Book Review: ‘The Wife Upstairs’ sets ‘Jane Eyre’ in modern-day Alabama

Alabama author Rachel Hawkins is author of "The Wife Upstairs.
Courtesy of St. Martin's Press

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Alabama author Rachel Hawkins is author of "The Wife Upstairs. Courtesy of St. Martin's Press

Three-fourths thriller and one part reimagined classic, “The Wife Upstairs” is a feisty Southern charmer that’s twisty enough to make dinners late in kitchens everywhere.

Taking plot and character inspiration from Charlotte Bronte’s “Jane Eyre,” author Alabama author Rachel Hawkins cleverly reimagines the gothic classic by placing it in the leafy community of Mountain Brook, a suburb of Birmingham, Alabama. This time Jane is unknowingly embroiled in a love triangle, but she’s also looking out for herself ― carving out a new identity and life in the high-end village, where status and appearances seem to count more than character.

There has been a trend of late in women’s fiction to rework literary classics. A version of “Little Women” set among military wives (“The Spring Girls” by Anna Todd) and plenty of remade “Pride and Prejudices” (Atlanta’s Soniah Kamal had success with “Unmarriageable,” her version set in Pakistan) pepper bookshelves. Numerous “Jane Eyre”-inspired works include Lyndsay Faye’s delightfully wicked “Jane Steele,” where Jane becomes a serial killer/avenging angel in Victorian England.

In Hawkins’ version, admirers of “Jane Eyre” may smile as they encounter “Eddie” Rochester, zipping his sports car through the neighborhood called Thornfield Estates, the storied English names somehow fitting in quite well in this modern-day South. Despite the playfulness of the reworked names (Jane Eyre’s charge Adèle surfaces as Eddie’s Irish setter puppy), some of the more sinister characters from the classic bring their shadows with them to “The Wife Upstairs”: cold and aloof Mrs. Reed switching from Jane’s aunt to her employer and St. John River becoming John Rivers, a church employee from her past who tries blackmailing our heroine.

Jane is a fish-out-of-water, an averagely attractive young woman from out West with a mysterious past, a beat up car and a dubious living situation in a skanky apartment near strip malls. Wanting more from life, she quickly latches onto Mountain Brook’s affluent lifestyle, where Old Money meets new. Starting with a barista job, she soon finds herself walking the dogs of the wealthy, gaining enough of their trust to be able to pilfer small, valuable trinkets. Diamond earrings and gold bracelets have a way of ending up in her pockets.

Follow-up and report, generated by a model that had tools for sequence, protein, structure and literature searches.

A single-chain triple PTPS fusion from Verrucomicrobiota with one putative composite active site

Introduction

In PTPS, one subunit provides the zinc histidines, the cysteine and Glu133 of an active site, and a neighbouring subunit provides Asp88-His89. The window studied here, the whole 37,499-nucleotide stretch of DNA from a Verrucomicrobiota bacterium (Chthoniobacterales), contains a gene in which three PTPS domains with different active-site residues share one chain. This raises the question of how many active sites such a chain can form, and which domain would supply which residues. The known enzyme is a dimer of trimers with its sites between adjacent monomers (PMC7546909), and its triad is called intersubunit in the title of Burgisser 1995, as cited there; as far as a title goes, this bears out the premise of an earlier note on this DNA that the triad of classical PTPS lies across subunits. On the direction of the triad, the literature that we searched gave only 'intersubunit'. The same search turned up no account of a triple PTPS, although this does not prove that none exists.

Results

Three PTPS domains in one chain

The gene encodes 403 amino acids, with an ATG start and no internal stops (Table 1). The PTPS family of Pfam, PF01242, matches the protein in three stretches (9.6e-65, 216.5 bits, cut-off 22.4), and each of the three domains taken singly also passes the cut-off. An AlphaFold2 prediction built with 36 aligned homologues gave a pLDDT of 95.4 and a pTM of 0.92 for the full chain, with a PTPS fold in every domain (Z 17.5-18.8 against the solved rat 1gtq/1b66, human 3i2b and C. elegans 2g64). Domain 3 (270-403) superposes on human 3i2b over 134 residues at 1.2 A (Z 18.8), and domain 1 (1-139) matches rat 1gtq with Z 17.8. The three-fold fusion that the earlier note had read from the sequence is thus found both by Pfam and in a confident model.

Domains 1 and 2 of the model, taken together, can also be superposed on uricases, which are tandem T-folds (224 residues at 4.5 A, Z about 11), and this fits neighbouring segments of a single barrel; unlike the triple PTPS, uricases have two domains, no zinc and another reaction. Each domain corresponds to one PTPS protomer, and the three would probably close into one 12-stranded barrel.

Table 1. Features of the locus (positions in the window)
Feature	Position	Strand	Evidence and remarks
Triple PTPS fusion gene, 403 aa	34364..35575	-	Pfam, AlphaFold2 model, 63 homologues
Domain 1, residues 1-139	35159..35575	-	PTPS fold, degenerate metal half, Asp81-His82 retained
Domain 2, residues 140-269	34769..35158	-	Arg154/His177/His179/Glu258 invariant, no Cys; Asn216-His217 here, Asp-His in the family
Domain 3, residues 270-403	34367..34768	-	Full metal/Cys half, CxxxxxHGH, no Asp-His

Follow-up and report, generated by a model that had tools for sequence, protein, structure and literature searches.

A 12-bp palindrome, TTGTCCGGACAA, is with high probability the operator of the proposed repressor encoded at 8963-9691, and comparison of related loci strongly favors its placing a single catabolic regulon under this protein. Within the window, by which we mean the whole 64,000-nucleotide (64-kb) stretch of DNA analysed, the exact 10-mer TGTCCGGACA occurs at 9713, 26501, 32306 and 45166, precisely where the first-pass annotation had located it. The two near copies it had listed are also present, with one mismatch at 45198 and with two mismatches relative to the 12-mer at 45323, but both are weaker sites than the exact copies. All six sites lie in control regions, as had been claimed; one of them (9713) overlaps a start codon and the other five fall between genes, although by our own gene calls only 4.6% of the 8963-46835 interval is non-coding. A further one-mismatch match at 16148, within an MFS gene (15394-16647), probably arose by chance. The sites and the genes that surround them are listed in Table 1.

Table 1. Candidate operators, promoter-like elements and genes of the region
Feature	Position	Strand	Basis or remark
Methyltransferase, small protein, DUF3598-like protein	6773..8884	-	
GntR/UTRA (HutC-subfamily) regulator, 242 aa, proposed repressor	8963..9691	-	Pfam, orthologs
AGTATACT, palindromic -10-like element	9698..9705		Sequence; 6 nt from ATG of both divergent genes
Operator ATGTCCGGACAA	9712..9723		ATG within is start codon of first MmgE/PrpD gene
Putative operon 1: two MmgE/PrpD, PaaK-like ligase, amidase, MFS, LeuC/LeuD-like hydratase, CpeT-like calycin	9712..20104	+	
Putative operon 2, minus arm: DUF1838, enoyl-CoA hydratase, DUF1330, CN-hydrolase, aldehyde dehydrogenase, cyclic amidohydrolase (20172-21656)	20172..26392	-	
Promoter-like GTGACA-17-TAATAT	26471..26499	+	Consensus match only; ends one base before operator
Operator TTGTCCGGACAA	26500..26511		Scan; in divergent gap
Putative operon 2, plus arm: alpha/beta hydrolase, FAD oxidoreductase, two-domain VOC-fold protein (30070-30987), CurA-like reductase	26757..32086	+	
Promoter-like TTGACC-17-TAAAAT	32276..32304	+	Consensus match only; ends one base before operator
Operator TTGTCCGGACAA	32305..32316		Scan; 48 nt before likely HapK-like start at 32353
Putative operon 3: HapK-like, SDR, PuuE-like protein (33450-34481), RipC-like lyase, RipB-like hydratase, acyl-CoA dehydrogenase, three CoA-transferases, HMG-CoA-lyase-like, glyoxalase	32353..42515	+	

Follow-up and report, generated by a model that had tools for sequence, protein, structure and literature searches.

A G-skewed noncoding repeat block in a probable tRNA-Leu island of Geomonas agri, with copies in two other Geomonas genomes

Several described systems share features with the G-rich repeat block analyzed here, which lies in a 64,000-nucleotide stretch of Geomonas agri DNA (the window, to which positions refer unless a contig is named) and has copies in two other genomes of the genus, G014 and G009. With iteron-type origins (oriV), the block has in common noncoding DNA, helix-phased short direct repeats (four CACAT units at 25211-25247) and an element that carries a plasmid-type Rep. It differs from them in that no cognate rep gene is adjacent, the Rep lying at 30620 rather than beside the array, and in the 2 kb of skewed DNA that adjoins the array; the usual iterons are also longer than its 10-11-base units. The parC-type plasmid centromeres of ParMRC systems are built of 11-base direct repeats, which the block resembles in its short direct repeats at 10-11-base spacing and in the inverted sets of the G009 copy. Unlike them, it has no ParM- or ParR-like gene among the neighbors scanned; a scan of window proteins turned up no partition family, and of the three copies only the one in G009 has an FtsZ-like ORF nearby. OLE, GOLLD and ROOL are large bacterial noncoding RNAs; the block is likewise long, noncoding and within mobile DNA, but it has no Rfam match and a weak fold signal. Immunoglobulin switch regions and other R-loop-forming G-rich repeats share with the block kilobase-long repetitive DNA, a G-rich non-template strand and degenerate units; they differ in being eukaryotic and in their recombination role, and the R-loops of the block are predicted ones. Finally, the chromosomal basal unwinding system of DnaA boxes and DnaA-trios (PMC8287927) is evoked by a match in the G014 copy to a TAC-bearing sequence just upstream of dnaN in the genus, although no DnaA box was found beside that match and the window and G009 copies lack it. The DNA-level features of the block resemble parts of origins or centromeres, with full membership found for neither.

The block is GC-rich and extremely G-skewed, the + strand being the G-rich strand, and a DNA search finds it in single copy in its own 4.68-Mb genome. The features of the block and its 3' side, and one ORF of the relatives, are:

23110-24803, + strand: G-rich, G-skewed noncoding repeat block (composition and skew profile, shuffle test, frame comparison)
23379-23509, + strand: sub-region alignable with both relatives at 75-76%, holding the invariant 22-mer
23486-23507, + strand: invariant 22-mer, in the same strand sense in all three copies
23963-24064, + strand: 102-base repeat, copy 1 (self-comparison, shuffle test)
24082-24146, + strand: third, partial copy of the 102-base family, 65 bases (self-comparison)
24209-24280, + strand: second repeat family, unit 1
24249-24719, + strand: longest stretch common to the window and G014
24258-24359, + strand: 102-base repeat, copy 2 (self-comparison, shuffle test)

As much as the reader would like to sympathize with Jane, Hawkins makes sure there are a few things about her that we should know: She’s hiding something from her past and “Jane” isn’t her real name. (It might be Helen Burns, another nod to the Bronte classic.) As these unsettling facts come to light, the reader becomes more guarded about Jane’s version of things. Tensions mount and mistrust grows as other characters weigh-in through Hawkins’ use of the multi-narrator technique.

The setting of Mountain Brook is a lush one, and Hawkins’ descriptions of rolling green lawns, well-dressed couples at backyard barbecues and chic French bistros and precious coffeeshops work well. It’s a little “too good to be true” (Jane’s reference to “Stepford Wives” is a clue), and we know there must be something lurking underneath all the sunshine and beauty. Just as in “Jane Eyre,” large, empty houses, family secrets and gossiping women wreak the same havoc regardless of the century. Trading corsets for yoga pants, the ladies of the neighborhood see (and comment on) everything, from landscaping to widowers and young, single dog-walkers.

Eddie’s wife Bea has disappeared after a boating incident that claimed the life of her best friend, Blanche (another “Eyre” name). Through memories and recollections, Bea’s story becomes a parallel of sorts to Jane’s. A successful entrepreneur who created a lifestyle “brand” based on Southern icons and imagery (think lots of gingham, beachy shell graphics and oversized crystal peaches), Bea is by all outward appearances hard for Jane to measure up to.

Gleefully skewering Bea’s company Southern Manors, Hawkins has fun with the descriptions, keeping tongue firmly in her cheek as Jane peruses the company website: “Clicking from page to page, I take in expensive Mason jars, five-hundred-dollar sweaters with HEY, Y’ALL! stitched discreetly in the left corner, silver salad tongs whose handles are shaped like bees ... It’s all expensive but useless crap, the kind of stuff lining the gift tables at every high-society wedding in Birmingham…”

Bea’s brand inspiration, it turns out, was not based on her own lifestyle but that of her bestie Blanche, a debutante raised in true white-columned elegance. Ambitious and smart, Bea (born Bertha ― a big “Jane Eyre” wink) wriggles her way into private school and college by sheer determination, co-opting Blanche’s style and monetizing it for her own benefit. Resentments and jealousy ensue, only intensifying after both women become wives and Bea’s company becomes an empire.

Fast forward to Jane and the upwardly mobile life she’s scored. It really may be too good to be true: Even as she’s donning a Southern Manor frock and sipping wine at the country club, she’s still a girl wearing dress-up clothes. And when Blanche’s body is found in the lake showing evidence of murder, both Blanche’s husband Tripp and Eddie are suspects.

Hawkins has more than 10 young adult novels under her belt, and her ability to tie up loose ends to a satisfying conclusion speak to her gift for storytelling. This is not Bronte’s tale, but a modern, rip-roaring thriller best enjoyed on a sandy beach with a tall, salty-rimmed beverage nearby.


‘The Wife Upstairs’

by Rachel Hawkins

St. Martin’s Press

304 pages, $27.99